There are additional requirements if the owner seeks a certificate for a vicious rather than a dangerous dog. In addition to the above conditions, the owner must get a microchip implanted in the dog to identify the dog readily. The owner must also show proof of at least $50,000 of liability insurance. In the event of any unprovoked dog attack, a dog bite lawyer may be able to recover monetary compensation on behalf of an injured party.
Owners of classified dogs have additional requirements to maintain this certificate. In addition to yearly inspections of the enclosure and signage, owners must notify the proper officials if the dog gets loose. They must also register the dog if they move into a new jurisdiction (county or city) within ten days of changing their residence. If a dangerous dog leaves the owner’s property, it must meet certain criteria, such as being in a crate or on a leash of less than six feet. If the owner of a classified dog fails to adhere to these requirements, this failure can constitute negligence on the owner’s part and exposes the owner to liability, both civil and criminal.
Atlanta and other cities throughout Georgia have strengthened the rules regarding the types of breeds that can be present in public places and the types of breeds that are considered to be inherently dangerous and potentially vicious. It may seem unfair to discriminate against certain dog breeds. However, there is a trend that suggests that certain dog breeds are more prone to attack humans and other pets than others. All dogs have the potential to be good, but can only be good with adequate training by responsible and loving owners.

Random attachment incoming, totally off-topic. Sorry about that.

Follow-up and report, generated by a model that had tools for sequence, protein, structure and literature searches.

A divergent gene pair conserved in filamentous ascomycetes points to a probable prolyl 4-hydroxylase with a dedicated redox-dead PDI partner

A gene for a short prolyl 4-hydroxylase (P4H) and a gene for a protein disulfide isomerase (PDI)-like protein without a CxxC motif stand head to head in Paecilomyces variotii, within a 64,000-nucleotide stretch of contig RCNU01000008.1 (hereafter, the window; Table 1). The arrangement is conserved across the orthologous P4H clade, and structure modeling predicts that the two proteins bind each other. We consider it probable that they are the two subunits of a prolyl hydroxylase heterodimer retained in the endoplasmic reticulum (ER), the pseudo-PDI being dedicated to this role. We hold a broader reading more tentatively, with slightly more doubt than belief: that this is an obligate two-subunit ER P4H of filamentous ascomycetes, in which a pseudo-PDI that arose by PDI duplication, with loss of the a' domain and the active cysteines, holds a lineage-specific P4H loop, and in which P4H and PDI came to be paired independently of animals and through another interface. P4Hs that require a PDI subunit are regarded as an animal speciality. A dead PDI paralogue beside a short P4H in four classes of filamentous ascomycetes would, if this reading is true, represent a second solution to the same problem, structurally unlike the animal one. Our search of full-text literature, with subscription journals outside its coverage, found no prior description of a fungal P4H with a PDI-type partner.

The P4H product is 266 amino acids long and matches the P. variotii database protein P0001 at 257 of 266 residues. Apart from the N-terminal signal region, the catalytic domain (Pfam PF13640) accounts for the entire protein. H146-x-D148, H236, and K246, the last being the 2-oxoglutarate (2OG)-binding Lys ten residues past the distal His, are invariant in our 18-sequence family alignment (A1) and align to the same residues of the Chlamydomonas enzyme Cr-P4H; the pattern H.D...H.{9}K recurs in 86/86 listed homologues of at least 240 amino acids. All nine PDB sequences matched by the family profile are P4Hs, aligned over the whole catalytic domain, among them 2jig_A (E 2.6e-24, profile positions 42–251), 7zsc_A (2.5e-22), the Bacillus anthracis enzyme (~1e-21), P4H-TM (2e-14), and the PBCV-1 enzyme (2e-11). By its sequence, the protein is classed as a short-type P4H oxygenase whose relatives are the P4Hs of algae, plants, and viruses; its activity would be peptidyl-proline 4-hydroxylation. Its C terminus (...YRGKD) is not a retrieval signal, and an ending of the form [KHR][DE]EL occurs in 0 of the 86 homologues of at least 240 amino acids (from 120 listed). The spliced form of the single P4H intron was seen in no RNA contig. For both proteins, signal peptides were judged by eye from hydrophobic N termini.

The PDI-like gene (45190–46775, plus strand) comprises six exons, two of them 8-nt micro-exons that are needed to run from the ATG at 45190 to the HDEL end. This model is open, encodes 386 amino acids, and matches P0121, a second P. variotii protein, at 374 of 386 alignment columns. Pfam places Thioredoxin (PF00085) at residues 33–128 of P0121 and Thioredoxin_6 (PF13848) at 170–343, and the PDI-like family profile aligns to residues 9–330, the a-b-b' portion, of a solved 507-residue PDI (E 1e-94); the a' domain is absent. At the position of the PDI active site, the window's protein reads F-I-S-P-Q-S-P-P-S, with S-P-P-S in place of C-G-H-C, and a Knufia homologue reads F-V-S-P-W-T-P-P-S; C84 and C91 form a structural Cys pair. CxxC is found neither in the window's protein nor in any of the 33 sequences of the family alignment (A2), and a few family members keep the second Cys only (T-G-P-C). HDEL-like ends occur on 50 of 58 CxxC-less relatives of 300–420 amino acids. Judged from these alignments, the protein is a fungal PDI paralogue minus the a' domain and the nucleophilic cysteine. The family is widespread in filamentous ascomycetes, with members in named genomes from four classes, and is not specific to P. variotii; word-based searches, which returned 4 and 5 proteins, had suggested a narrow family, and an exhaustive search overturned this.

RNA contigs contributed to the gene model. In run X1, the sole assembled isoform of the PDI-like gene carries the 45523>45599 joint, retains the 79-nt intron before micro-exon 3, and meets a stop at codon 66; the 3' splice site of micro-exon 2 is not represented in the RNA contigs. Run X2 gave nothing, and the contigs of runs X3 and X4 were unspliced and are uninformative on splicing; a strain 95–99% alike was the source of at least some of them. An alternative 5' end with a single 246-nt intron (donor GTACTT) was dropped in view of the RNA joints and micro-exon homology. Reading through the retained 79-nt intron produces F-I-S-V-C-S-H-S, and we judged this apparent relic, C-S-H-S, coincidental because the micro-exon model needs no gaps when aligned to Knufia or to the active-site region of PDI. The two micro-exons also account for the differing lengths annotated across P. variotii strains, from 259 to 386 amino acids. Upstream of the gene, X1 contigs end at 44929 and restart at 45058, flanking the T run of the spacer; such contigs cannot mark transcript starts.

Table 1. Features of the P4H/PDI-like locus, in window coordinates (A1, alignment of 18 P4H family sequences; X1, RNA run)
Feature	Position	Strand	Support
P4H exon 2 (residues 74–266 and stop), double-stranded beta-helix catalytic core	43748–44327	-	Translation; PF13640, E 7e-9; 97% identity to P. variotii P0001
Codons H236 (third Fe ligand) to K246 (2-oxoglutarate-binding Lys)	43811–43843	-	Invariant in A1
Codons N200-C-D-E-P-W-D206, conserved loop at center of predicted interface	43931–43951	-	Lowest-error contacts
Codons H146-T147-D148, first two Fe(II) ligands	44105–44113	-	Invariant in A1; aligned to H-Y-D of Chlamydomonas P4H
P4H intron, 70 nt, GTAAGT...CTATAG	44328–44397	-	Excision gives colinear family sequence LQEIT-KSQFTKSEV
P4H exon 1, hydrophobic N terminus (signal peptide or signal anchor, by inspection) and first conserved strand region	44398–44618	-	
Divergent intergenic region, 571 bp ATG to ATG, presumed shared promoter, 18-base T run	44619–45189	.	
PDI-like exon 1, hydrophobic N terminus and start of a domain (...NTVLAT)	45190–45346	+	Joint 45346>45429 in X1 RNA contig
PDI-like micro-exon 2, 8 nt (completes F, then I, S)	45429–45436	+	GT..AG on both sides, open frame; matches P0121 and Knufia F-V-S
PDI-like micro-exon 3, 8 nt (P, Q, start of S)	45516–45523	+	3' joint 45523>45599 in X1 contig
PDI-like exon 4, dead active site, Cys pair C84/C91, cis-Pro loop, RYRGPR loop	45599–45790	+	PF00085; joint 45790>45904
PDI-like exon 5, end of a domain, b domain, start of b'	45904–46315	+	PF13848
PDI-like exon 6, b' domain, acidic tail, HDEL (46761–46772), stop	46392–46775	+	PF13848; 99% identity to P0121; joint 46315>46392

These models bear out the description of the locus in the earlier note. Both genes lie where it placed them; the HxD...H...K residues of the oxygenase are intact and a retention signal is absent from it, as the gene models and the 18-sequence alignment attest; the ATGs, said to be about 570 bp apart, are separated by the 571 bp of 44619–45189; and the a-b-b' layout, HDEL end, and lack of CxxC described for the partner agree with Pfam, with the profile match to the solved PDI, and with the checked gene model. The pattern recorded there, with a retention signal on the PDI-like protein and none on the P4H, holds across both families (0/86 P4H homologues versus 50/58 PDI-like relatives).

What To Do If You Are Attacked By a Dog in Georgia?
First, you should seek necessary medical care and contact the relevant authorities or police as soon as the incident occurs. The police will document relevant details about the attack that can be used as evidence to determine if negligence exists.
You should keep a record of all relevant expenses incurred due to the attack. This documentation can include doctor’s visits, therapy costs, and reconstructive surgeries. It may also need to consider damage to property or your pets. Having clear and consistent documentation can make this a more straightforward process.
There are some instances in which the insurance company may deny the claim or attempt to pay less than the value of your costs. An experienced Georgia dog bite lawyer can help you fight to get you the recovery you deserve.
Montlick & Associates, Attorneys at Law
17 Executive Park Dr NE
Atlanta, GA 30329
Telephone: 1 (800) LAW-NEED
Telephone: 1 (404) 529-6333